Students are no strangers to being kicked in the guts by successive governments who offer underwhelming changes to what little income support they are entitled to. The latest increase of 6% to Youth Allowance may look good at a glance, until you consider the fact that inflation has breached 7%. There is, however, an additional dimension to the perpetual Centrelink struggle, with many students not even being eligible for support in the first place.
From the age of eighteen you can get married, vote, drink alcohol, and be tried as an adult before the court. It’s an arbitrary threshold, but one accepted as the benchmark for independence across Australia. All but except in the eyes of Centrelink, where you’ll still be considered ‘dependent’ until you surpass the age of 22.
Whilst you are considered ‘dependent’ any application you file for Youth Allowance will consider the income of your parents, which will entitle you to nothing if your parent’s income is above a set threshold. The issue with such a benchmark is that it ultimately fails to account for the character and expenses of your parents, you don’t choose to have apathetic parents and you don’t choose the number of siblings you have to compete with, yet in the eyes of Centrelink you’re undeserving of any support regardless of such.
This discrepancy forces countless students across the country into making the uncomfortable choice between living at home in a family environment they may wish to escape, or into a situation where they must work an absurd number of hours a week, often in entry level minimum wage jobs in order to survive. These are crucial hours that could’ve otherwise been allocated to studying.
This arbitrary age of independence is a cruel benchmark which has challenged millions of students across the country at one point or another, a challenge some have taken on to find loopholes, with one such loophole being none other than marriage.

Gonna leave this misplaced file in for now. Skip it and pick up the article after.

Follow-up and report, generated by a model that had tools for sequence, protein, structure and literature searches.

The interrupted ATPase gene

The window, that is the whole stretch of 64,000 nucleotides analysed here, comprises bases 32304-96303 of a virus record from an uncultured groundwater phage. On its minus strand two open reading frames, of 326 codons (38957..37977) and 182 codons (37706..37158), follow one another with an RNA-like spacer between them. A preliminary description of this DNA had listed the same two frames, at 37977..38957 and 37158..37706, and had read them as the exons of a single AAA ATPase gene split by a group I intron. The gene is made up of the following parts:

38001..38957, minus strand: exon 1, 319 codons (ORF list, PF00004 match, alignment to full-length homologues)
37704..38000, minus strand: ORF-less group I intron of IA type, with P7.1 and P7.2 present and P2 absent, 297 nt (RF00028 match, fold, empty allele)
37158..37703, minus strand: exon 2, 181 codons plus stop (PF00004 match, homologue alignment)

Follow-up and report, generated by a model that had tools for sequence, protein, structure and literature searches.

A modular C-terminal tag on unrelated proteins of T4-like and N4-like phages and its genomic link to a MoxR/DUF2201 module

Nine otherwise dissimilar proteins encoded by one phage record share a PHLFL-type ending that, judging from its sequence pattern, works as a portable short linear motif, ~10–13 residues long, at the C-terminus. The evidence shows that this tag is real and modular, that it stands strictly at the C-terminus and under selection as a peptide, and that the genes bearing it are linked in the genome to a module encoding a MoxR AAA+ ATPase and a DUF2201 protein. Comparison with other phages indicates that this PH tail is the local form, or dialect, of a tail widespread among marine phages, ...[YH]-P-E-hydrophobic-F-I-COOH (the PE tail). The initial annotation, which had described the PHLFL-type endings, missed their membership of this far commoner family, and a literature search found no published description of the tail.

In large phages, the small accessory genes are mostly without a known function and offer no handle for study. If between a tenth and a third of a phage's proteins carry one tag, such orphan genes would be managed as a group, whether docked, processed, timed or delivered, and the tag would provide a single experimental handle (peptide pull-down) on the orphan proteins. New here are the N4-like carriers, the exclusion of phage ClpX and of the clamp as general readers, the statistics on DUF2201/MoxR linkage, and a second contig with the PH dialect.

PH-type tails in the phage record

If you are married you are considered ‘independent’ in the eyes of Centrelink and any subsequent application you file for Youth Allowance will consider the combined income of you and your spouse as opposed to your parents. Despite being unconventional, this isn’t illegal.From the age of eighteen you are legally allowed to get married and Centrelink cannot turn down a marriage certificate or deny that you may really be in a loving marriage with a fellow bludger.
The Sydney Morning Herald reported on a case of two flatmates in Newtown getting married in order to meet the threshold for independence in 2008, news.com.au reported the case of a student from South Australia getting married in order to increase his entitlement in 2010 and in late 2022, two students tied the knot in front of parliament house to dually protest the age of independence and qualify for an increase in their allowance, with the wedding being attended by Greens MP Stephen Bates.
The aforementioned examples are case studies in which the married couples have chosen to go public about their circumstances. There is little doubt in my mind that many more ‘welfare weddings’ have taken place over the years and out of the public eye. Marriage is not something most people would seek to engage in for fun, but when the age of independence remains as high as it is now and the dilemma for students who dare wish to live on their own is between studying or starving —it’s an obvious solution.